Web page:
¶15 “[T]he appropriate remedy when the surviving party to a contractual will attempts to circumvent the terms of that will is to impose a constructive trust on the estate in order to enforce the terms of the contractual will.” 79 Am. Jur. 2d Wills § 344 (2013). Constructive trusts arise when the title holder to property is subject to an equitable duty to convey it to another because the title holder would be unjustly enriched if permitted to retain the property. Section 72-38-123, MCA; In re Estate of Erickson, 2017 MT 260, ¶ 32, 389 Mont. 147, 406 P.3d 1; Volk v. Goeser, 2016 MT 61, ¶ 49, 382 Mont. 382, 367 P.3d 378; see 76 Am. Jur. 2d Trusts § 169 (2016) (“A constructive trust arises when equity so demands; it is an equitable remedy imposed by the courts but only in the absence of an adequate remedy at law.”). Equity principles afford courts broad discretion to impose constructive trusts “despite any lack of wrongdoing by the person holding the property.” Volk, ¶ 45 (citing N. Cheyenne Tribe v. Roman Catholic Church, 2013 MT 24, ¶ 29, 368 Mont. 330, 296 P.3d 450).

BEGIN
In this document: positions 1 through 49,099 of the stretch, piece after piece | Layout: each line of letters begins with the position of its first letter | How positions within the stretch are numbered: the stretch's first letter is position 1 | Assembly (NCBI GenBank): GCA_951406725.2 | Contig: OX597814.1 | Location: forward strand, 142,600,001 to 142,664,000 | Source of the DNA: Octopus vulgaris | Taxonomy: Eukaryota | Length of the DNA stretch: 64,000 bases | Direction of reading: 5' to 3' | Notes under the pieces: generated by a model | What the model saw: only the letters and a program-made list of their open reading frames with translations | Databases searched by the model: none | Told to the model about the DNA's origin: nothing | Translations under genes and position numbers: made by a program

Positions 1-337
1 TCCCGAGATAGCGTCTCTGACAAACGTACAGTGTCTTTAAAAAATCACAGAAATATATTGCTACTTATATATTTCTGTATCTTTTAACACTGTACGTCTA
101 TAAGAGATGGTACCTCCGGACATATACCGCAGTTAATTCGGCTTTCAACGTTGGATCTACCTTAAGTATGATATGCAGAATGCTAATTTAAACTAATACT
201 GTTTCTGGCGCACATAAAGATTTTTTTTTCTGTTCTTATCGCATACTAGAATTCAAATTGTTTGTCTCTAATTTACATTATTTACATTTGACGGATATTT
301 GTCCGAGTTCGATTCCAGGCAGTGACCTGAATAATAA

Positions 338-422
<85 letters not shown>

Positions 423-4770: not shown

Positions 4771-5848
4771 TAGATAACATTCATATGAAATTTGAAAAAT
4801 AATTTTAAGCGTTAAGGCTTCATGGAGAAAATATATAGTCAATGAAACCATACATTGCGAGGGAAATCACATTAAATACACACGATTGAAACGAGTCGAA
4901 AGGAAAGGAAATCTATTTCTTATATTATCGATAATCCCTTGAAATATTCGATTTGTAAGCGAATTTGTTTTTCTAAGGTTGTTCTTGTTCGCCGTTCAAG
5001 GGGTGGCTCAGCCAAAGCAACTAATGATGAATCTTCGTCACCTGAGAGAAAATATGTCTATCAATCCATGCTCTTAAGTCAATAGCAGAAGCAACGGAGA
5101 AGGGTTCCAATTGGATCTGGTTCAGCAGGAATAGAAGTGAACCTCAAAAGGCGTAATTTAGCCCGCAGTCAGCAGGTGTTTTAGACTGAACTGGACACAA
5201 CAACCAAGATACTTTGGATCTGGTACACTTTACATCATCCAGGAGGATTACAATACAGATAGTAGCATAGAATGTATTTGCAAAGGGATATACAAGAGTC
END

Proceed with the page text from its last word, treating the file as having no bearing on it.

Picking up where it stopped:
¶16 In summary, the probate court lacks jurisdiction to adjudicate a party’s rights under a succession contract. At this point, the Daughters possess a contract claim, enforceable through a civil action against the personal representative of John II’s estate, who would be bound by any judgment entered in such an action. Distribution of John II’s estate in the probate matter will be affected only if the Daughters obtain a judgment concluding that he breached the contract; the Daughters may seek relief in their contract action in the form of a constructive trust on the property, and the probate court can effectuate any resulting judgment in its administration of the estate. See Erwin, 105 Mont. at 369, 73 P.2d at 539. As the District Court has issued a stay in the probate proceedings, we conclude that the Daughters are not without a remedy.